Learn more about Russian ruble
The ruble or rouble (Russian: рубль, plural рубли́; see note on spelling below) is the name of the currency of the Russian Federation and the two self-proclaimed republics, Abkhazia and South Ossetia. It was also formerly the currency of the Soviet Union and the Russian Empire prior to their breakups.
One rouble is divided into 100 kopeks, kopecks, or copecks (Russian: копе́йка, plural копе́йки).
As yet there is no official symbol for the ruble, though R<ref>http://fx.sauder.ubc.ca/currency_table.html</ref> <ref>http://www.lonelyplanet.com/worldguide/destinations/europe/russia?a=facts</ref> and руб are currently in use. РР and an R with two horizontal strokes across the top have both been put forward as possibilities.
 Traditional denominations
The ruble had a unique sequence of denominations: 1, 2, 3, 5, 10, 15, 20, 50 kopeks, and 1, 3, 5, 10, 25, 50, 100 rubles. This tradition can be traced back to Imperial time. The cut off points between coins and banknotes vary from time to time. In addition, the color theme of the banknote portion of this lineup remained consistent for more than a century:
- 1 ruble: brown
- 3 rubles: green
- 5 rubles: blue
- 10 rubles: red
- 25 rubles: lilac
- 50 rubles: green
- 100 rubles: brown
The denominations that are multiples of 3 began to appear in 1828, around the time of the fourth partition of Poland. In order to integrate the ruble into Poland, coins were denominated in both Russia ruble and in Polish złoty. The fixed exchange rate at that time was 0.15 ruble = 1 złoty, therefore a coin of 10 złotych was also 1.5 ruble.
The word złoty eventually disappeared (until Poland regained its sovereignty).
This is a rather difficult consistency to maintain given the undesirable inflations and unstable politics that happened in the 20th century. This tradition finally came to an end with the fall of the Soviet Union.
See also Currency of Three
 First Ruble, Antiquity - December 31 1921
The ruble has been the Russian unit of currency for about 500 years. From 1710, the ruble has been divided into 100 kopeks.
The amount of precious metal in a ruble varied over time. In a 1704 currency reform, Peter I standardized the ruble to 28 grams of silver. While ruble coins were silver, there were higher denominations minted of gold and platinum. 1 ruble was equal to 18 grams of silver for most of the time. The gold ruble introduced in 1897 was equal to 0.774235 g of gold or 2⅔ French francs. At the time of the First World War, the ruble was revalued three times in three years.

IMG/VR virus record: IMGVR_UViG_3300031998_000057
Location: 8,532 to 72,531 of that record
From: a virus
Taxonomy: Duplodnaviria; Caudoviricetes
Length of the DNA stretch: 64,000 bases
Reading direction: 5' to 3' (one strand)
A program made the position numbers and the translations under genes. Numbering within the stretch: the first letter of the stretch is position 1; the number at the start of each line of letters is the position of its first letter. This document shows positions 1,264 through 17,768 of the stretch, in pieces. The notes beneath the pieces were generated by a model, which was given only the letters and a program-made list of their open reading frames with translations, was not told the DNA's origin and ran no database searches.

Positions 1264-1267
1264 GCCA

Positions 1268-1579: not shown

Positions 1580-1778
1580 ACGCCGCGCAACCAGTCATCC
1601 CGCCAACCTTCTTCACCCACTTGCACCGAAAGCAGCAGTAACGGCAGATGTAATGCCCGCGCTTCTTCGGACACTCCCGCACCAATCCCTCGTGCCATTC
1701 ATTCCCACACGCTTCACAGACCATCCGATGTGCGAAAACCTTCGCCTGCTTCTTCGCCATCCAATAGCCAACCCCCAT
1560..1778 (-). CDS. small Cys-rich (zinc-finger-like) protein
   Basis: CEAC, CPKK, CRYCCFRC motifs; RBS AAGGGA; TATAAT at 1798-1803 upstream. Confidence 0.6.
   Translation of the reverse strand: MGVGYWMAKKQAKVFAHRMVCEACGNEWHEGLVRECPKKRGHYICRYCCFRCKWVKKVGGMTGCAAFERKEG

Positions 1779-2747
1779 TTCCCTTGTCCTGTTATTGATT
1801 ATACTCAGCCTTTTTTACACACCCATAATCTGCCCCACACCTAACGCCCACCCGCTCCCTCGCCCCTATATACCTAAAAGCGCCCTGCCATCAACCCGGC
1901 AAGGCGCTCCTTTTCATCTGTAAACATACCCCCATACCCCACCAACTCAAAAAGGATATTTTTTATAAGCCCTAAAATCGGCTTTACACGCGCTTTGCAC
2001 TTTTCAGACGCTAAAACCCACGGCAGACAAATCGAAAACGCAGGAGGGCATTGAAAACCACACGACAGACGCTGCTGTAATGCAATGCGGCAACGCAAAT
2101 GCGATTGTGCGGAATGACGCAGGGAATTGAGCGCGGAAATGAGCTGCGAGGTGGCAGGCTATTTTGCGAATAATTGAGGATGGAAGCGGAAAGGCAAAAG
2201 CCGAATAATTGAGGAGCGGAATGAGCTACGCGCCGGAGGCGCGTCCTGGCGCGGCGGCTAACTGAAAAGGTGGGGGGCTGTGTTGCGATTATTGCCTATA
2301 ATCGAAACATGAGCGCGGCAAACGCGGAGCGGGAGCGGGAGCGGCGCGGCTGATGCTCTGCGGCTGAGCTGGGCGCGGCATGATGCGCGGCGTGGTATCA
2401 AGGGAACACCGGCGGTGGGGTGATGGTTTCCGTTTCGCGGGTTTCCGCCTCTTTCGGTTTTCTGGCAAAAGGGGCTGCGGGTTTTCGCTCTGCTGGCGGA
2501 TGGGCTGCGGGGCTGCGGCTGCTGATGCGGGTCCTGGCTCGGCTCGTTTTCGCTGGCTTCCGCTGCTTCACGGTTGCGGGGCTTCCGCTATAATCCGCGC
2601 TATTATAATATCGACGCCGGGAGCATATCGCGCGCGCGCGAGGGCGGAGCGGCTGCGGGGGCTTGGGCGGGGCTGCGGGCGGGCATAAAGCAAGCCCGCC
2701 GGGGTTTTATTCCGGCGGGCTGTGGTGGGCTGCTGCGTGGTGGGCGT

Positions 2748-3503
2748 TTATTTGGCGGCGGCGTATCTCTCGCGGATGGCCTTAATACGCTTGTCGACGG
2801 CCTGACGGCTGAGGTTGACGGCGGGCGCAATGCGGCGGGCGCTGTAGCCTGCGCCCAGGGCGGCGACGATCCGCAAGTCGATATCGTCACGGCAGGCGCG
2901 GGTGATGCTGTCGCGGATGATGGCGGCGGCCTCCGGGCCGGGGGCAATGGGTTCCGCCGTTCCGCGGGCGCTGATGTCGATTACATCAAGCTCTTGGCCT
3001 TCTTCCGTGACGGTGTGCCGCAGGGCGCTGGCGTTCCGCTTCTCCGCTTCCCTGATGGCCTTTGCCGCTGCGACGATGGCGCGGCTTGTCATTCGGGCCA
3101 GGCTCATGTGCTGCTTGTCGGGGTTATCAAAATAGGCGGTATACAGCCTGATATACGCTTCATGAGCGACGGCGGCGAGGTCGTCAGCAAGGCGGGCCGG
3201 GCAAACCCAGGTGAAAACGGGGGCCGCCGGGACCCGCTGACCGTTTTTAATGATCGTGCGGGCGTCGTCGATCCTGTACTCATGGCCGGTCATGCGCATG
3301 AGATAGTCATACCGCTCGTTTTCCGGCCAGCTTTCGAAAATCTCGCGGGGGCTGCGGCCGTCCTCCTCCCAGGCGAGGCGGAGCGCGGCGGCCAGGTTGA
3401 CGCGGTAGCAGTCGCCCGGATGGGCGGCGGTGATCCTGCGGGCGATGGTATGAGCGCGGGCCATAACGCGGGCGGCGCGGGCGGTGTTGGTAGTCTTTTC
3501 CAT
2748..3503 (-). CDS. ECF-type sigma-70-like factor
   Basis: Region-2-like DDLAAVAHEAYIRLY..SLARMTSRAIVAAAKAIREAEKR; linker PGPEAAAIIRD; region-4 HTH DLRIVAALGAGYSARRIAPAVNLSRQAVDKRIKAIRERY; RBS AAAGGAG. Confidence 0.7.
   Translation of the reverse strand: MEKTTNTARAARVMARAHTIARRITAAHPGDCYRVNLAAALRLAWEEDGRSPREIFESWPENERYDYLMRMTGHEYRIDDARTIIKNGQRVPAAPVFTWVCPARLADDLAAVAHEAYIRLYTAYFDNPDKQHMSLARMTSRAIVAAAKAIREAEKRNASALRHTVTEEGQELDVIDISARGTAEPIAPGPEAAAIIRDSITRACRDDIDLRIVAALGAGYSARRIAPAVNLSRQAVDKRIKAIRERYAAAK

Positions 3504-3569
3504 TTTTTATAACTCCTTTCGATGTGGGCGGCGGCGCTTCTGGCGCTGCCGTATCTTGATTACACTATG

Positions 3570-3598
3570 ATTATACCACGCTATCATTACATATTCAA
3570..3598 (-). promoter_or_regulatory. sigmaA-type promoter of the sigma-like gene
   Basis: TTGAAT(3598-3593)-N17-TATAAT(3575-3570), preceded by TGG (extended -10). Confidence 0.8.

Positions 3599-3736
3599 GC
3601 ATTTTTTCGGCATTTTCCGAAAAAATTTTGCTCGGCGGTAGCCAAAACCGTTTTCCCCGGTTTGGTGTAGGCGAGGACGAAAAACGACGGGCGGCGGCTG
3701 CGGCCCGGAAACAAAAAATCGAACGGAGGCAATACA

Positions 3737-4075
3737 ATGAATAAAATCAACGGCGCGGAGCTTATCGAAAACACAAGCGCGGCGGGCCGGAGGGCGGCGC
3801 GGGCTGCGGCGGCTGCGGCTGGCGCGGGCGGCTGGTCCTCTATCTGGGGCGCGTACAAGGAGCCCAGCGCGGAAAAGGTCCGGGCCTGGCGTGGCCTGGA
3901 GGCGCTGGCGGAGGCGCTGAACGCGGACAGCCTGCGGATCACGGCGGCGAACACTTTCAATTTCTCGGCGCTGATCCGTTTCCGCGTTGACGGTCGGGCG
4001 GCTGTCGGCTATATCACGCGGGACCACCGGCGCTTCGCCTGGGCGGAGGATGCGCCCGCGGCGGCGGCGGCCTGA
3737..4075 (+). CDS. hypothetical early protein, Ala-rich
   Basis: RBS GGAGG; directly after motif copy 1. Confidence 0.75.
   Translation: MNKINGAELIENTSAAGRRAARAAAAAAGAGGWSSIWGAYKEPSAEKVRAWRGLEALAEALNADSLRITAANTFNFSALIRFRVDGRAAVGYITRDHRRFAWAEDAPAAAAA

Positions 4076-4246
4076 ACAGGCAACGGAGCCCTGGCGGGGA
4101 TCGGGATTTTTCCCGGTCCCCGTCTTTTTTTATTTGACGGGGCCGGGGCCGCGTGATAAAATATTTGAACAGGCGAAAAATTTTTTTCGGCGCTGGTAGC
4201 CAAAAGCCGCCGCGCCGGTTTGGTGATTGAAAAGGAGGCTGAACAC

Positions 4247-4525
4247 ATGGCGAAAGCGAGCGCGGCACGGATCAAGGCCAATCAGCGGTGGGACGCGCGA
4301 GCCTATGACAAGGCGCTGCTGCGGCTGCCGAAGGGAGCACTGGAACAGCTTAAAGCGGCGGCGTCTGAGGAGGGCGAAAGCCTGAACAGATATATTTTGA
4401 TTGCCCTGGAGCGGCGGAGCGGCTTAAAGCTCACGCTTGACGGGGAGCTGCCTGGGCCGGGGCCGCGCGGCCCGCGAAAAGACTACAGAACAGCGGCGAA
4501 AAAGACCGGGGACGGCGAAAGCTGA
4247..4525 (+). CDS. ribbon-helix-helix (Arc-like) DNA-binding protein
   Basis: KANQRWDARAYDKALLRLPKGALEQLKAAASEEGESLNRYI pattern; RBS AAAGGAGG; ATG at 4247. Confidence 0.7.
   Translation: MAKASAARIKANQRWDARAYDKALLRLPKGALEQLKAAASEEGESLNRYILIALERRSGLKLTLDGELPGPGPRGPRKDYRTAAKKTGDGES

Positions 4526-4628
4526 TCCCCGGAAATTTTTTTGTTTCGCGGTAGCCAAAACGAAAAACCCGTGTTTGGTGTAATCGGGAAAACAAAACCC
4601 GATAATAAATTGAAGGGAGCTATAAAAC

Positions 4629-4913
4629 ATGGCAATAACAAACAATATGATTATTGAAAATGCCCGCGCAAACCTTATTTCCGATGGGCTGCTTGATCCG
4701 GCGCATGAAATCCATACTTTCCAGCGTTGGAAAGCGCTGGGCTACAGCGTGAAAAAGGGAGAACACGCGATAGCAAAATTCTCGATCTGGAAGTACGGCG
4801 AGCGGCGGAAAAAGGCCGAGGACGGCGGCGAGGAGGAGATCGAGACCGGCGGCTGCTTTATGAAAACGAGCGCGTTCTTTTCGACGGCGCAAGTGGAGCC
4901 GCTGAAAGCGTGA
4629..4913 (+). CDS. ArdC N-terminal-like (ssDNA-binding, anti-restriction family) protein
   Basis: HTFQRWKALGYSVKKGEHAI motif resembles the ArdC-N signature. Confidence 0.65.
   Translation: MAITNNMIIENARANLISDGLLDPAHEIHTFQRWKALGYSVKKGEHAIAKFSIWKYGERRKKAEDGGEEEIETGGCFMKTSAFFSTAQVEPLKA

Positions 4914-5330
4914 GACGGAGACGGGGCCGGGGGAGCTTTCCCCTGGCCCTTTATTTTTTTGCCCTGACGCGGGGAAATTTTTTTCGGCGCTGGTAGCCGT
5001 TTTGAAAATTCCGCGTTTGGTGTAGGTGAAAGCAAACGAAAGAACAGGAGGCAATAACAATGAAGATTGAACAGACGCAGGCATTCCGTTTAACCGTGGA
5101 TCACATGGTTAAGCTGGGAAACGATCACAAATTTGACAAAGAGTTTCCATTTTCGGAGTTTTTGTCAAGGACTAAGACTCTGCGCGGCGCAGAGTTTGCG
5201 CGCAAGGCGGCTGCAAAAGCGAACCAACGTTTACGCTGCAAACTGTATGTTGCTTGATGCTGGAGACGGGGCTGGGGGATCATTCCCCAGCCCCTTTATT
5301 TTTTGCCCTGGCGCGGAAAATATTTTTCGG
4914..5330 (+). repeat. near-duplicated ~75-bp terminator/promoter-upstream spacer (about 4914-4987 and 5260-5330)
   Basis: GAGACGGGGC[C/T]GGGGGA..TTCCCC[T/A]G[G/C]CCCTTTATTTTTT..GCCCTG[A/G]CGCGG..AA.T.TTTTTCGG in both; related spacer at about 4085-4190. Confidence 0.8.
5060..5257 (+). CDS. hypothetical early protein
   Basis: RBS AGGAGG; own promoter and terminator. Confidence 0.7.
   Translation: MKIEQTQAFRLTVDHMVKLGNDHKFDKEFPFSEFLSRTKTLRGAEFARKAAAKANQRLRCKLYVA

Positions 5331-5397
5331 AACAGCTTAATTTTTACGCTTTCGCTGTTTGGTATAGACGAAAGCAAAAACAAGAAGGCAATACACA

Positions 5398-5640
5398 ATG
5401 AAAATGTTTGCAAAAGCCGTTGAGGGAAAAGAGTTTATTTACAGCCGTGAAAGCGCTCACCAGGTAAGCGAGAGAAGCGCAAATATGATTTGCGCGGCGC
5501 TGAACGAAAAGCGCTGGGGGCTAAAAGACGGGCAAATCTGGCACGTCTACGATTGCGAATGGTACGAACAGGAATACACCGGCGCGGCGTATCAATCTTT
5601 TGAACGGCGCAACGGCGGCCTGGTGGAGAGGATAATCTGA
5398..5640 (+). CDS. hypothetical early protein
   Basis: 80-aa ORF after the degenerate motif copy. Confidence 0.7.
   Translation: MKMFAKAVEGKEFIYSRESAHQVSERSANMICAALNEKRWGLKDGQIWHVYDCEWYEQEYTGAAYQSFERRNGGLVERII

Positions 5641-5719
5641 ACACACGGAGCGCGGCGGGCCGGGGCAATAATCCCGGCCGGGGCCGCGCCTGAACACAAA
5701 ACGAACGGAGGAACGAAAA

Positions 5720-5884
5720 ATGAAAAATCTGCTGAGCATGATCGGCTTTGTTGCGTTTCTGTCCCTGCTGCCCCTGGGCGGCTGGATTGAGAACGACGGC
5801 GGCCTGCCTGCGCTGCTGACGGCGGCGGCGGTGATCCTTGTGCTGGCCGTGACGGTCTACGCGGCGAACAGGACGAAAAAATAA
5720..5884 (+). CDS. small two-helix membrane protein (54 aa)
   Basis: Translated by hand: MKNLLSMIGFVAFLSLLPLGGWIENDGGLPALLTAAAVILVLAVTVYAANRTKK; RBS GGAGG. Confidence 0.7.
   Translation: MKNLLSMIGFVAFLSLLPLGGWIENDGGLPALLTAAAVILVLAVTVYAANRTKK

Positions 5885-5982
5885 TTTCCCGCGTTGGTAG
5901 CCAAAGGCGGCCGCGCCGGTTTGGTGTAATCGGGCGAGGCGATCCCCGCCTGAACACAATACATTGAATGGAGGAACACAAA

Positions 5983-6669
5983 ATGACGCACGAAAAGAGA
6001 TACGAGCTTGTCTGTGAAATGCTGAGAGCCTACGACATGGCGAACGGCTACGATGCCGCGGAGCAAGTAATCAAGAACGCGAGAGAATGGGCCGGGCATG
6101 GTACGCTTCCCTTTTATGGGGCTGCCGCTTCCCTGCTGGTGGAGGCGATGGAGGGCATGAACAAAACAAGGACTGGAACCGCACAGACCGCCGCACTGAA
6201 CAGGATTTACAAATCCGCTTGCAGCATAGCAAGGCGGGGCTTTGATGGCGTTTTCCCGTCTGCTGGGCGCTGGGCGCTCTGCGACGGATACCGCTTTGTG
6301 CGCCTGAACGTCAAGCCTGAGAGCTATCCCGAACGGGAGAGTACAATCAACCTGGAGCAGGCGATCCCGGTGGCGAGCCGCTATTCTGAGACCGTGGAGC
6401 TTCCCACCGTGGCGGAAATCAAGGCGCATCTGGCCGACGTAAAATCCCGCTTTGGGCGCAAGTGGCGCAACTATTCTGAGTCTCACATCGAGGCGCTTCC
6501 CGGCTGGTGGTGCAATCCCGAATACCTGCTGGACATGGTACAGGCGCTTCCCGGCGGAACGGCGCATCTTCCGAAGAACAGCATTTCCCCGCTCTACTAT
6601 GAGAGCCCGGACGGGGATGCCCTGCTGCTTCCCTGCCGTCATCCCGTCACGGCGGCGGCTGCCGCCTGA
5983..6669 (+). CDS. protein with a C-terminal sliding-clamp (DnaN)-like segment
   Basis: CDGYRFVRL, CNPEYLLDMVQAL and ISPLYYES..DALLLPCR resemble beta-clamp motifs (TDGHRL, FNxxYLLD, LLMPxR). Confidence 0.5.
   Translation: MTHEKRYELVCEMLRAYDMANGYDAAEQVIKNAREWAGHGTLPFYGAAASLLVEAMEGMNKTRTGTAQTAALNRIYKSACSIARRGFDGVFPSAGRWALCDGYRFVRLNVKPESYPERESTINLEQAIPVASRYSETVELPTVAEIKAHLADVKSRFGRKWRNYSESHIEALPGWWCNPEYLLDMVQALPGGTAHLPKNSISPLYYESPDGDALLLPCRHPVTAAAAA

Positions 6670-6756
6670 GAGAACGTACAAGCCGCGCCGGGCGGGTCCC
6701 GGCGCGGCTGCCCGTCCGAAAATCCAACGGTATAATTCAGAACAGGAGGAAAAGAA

Second Ruble, January 1 1922 - December 31 1922
The 1922 redenomination was at a rate of 1 "new" ruble for 10,000 "old" rubles. Only banknotes were issued, in denominations of 1 ruble to 10,000 rubles
 Third Ruble, January 1 1923 - March 6 1924
The 1923 redenomination was at a rate of 100 to 1. Again, only paper money was issued, ranging from 10 kopek to 25,000 rubles. In early 1924, just before the next redenomination, the first paper money was issued in the name of the USSR featuring the state emblem with 6 bands around the wheat, representing the language of the then 4 constituent republics of the Union: Russian SFSR, Transcaucasian SFSR (Azerbaijani, Armenian, and Georgian), Ukrainian SSR and Byelorussian SSR They were 10,000 rubles, 15,000 rubles, and 25,000 rubles.
 Fourth (Gold) Ruble, March 7 1924 - 1947
The 1924 redenomination introduced the "gold" ruble at a value of 50,000 rubles of the 1923 issue. This reform also saw the introduction of the chervonets (червонец), worth 10 rubles. Coins began to be issued again in 1924, whilst paper money was issued in rubles for values below 10 rubles and in chervonets for higher denominations. Two further redenominations occurred in 1947 and 1961.
 Fifth Ruble, 1947 - 1961
Following World War II, the Soviet government implemented a confiscatory redenomination of the currency to reduce the amount of money in circulation. This only affected the paper money. Old rubles were revalued at one tenth of their face value.
 Sixth Ruble, 1961 - December 31 1997
The 1961 redenomination was a repeat of the 1947 reform, with the same terms applying. The Soviet ruble of 1961 was formally equal to 0.987412 g of gold, but the exchange for gold was never available to the general public. The ruble is no longer linked to a gold standard. Following the breakup of the Soviet Union in 1991, the ruble remained the currency of the Russian Federation. During the period of high inflation of the early 1990s, the ruble was significantly devalued. 5 series had been issued:
|Coin Series of the Sixth Ruble|
|1961||1, 2, 3, 5, 10, 15, 20, 50 kopeek, 1 ruble|| 1, 2 kopeiki: brass|